On monogamy

There is a consensus in our culture that monogamy is normal and that good people are naturally monogamous; that only bad, psychologically-ill or deficient people have a problem with it. I say that’s bollocks. I say that monogamy is unnatural and those who manage it only do so by accident, ie lack of opportunity.

A belief in sexual monogamy is ridiculous enough, but many believe in the notion of emotional monogamy, as well. Many believe that when you love someone you are incapable of loving anyone else and that merely having an emotional connection with another is an act of infidelity even if no loving behaviour occurs with the interloper. I say that, too, is bollocks.

Being monogamous means being a slave to the relationship. Being ‘allowed’ only one intimate emotional connection at a time means:

– We have no right to an independent existence.

– We have no right to our natural, emotional, thinking responses to life’s encounters. We have no right to our own thoughts and feelings.

– We have no right to pursue our own interests.

– We have no right to choose our own friends.

– We have no right to spend our time according to our own inclinations.

– Our body and mind belong to our partner as his/her personal, private property and they own the right to decide how we live our lives and who we share our experiences with.

Pretty unreasonable, huh?

But people commonly use phrases such ‘I am yours’, ‘You are mine’ and ‘Hands off – s/he’s mine’, proving their allegiance to the belief of private ownership. It extends to parenting, too: ‘Whose child is that?’ ‘Mine.’

The exclusivity that monogamy demands makes recluses out of couples. They shun others and believe they are ‘right’ and ‘good’ to do so. In their exclusive, reclusive state they only have each other to obtain solace for their isolation. ‘Co-dependency’ I believe that’s called by the label-creators.

So society becomes a rag-tag collection of reclusive co-dependent pairs who distance themselves from others and manage their psychological deprivation*. The sea of humanity is populated by two-person islands. No wonder it’s such a tragedy when a relationship fails – if individuals haven’t cultivated other intimate connections they’re plunged into a hell of loneliness. No wonder people are scared to end unhappy relationships – the alternative is worse – an unhappy relationship is better than no relationship. No wonder religions that preach love have a hard time being successful in such a climate of communal non-love.

(* By ‘psychological deprivation’ I mean the distress (mostly experienced subconsciously) that is felt at the lack of intimate emotional interaction with the wider community outside our immediate family, for which we are hard-wired. However, rather than believing we are hard-wired to connect, I adhere to the philosophy that says we are already connected, like individual points of awareness in a vast sea of consciousness. Therefore, to feel disconnected requires that an aversion to connection is conditioned into our minds during social education. Under such psychological conditions, searching for a mate is less about finding someone we can connect with, but finding someone with who we can suspend our aversion to connection.)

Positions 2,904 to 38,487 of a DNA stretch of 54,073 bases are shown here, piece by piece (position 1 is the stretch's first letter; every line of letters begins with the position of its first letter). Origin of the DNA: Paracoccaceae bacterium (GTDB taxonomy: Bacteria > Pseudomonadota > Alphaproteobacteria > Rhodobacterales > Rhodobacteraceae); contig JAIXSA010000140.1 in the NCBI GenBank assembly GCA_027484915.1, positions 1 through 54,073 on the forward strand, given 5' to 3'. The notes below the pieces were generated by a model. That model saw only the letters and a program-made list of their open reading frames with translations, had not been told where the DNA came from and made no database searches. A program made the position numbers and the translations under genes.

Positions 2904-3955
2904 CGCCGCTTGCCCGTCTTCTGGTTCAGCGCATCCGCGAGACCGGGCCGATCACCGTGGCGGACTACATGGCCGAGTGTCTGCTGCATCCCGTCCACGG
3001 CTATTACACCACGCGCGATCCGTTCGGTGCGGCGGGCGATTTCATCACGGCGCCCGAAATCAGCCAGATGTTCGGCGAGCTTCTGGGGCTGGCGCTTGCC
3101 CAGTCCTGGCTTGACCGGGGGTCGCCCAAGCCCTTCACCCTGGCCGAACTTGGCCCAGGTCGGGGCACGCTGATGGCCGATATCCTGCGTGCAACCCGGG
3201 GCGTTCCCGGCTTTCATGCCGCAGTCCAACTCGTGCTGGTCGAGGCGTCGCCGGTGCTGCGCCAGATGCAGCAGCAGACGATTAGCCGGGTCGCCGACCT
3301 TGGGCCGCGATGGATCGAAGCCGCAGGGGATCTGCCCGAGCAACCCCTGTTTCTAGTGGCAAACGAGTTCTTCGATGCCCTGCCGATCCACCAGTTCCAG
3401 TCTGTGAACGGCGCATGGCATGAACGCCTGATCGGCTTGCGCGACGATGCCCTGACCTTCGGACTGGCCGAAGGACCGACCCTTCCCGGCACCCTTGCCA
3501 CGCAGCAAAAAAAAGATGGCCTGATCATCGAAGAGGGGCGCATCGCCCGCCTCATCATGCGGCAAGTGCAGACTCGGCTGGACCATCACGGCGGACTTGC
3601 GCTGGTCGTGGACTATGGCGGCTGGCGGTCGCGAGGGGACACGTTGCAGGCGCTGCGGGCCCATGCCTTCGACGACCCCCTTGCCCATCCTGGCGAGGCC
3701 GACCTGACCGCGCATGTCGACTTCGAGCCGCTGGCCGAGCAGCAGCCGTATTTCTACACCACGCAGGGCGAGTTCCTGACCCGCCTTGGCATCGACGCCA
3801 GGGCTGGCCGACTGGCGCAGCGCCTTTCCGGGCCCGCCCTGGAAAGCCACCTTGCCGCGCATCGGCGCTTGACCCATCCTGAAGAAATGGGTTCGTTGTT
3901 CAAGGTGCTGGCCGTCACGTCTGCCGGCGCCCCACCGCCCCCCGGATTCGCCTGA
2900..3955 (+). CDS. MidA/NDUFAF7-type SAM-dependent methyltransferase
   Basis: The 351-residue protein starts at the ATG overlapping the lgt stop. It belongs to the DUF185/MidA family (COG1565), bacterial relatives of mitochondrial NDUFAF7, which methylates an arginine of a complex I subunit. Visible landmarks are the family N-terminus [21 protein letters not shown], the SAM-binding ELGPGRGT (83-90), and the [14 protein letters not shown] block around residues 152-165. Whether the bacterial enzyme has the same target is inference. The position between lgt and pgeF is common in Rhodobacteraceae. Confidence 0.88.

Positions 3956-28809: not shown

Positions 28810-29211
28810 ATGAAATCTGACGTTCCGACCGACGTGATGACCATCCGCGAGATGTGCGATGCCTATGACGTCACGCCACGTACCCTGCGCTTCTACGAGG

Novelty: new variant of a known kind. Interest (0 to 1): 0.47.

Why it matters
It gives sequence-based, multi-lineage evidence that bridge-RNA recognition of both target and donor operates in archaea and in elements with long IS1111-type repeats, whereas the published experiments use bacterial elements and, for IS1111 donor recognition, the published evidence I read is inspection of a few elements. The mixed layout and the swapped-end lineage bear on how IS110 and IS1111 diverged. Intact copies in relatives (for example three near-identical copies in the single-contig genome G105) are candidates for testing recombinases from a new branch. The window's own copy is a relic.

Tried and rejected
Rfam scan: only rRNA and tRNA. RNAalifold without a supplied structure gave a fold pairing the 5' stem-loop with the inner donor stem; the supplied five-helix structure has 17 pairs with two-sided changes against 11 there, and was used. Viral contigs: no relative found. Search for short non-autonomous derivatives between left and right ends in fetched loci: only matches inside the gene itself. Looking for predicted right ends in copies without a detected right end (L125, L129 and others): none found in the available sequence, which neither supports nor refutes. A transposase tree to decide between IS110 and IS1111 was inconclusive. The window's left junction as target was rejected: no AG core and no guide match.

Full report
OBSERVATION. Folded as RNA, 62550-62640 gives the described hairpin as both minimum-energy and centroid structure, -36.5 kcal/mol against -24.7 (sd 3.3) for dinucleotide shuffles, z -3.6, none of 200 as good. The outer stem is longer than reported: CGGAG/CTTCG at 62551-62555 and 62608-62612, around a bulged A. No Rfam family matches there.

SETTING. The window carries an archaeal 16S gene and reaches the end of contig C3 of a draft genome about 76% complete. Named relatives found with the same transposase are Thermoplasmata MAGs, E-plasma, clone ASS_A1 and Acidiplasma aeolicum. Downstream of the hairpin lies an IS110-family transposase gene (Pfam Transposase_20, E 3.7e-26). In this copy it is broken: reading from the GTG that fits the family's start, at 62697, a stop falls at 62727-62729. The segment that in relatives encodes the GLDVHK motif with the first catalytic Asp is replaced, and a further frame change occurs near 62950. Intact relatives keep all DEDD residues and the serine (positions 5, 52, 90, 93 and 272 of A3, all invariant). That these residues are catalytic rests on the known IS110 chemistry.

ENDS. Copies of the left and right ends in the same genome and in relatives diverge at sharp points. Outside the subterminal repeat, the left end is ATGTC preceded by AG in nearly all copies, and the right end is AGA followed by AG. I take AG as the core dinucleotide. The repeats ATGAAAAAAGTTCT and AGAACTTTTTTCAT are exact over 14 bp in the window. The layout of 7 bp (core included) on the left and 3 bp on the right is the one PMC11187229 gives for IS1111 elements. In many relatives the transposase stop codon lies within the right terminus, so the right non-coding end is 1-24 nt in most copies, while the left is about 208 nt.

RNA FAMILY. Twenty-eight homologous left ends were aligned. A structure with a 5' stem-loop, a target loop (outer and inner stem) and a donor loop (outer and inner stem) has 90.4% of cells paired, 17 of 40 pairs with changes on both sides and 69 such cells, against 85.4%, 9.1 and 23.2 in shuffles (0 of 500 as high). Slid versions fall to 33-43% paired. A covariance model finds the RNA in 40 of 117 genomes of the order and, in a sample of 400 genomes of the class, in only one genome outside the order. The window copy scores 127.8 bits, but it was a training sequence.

Has our obsession with exclusive, romantic, idealised love killed communities?

No one expects a parent to love only one child. No one expects a child to love only one parent. But we are all expected to love only one adult. When presented with mulitple opportunites we are expected to choose. And we need to choose wisely, because that one person is expected to be our single source of all our intimate interactions with humanity – that’s the WHOLE of humanity I’m referring to. That one person is expected to be our one and only companion for life’s activities, so much so that if our sole companion doesn’t fancy something (like a holiday to a particular destination, let’s say) we must forsake that experience. ALL our human needs and desires must be fulfilled within the context of that one relationship.

Crazy, huh?

That’s a lot of pressure and expectation on a single relationship. No wonder so many fail. An insistence on monogamy is the cause of much human suffering. It’s the cause of unnecessary relationship break-downs and broken families.

Mind you, most don’t have the opportunity for choice in a society where the majority are ‘taken’. Most have to pick from a very small pool of available possibilities, which gets smaller as one ages.

Are you thinking what I’m thinking? That is: what the hell is wrong with us that we not only put up with this nonsense but actually revere it as an ideal state for social organisation despite the evidence that’s staring us in the face: it doesn’t work. Thinking about it, I can’t think how society or any its members benefits from monogamy. Is it the stupidest joke we’ve played on ourselves?

Here’s an alternative: let’s share love. Adults preach sharing to their children, so they ought to understand the concept. But they don’t really mean it, do they? Few adults practise what they preach to children (elaboration requires a separate post!).


3 thoughts on “On monogamy

  1. Pingback: Behind the mask | Salon du Cyber Muse

  2. Pingback: Monogamy: for when there’s no alternative | Salon du Cyber Muse

  3. Pingback: The Devil’s work | Salon du Cyber Muse

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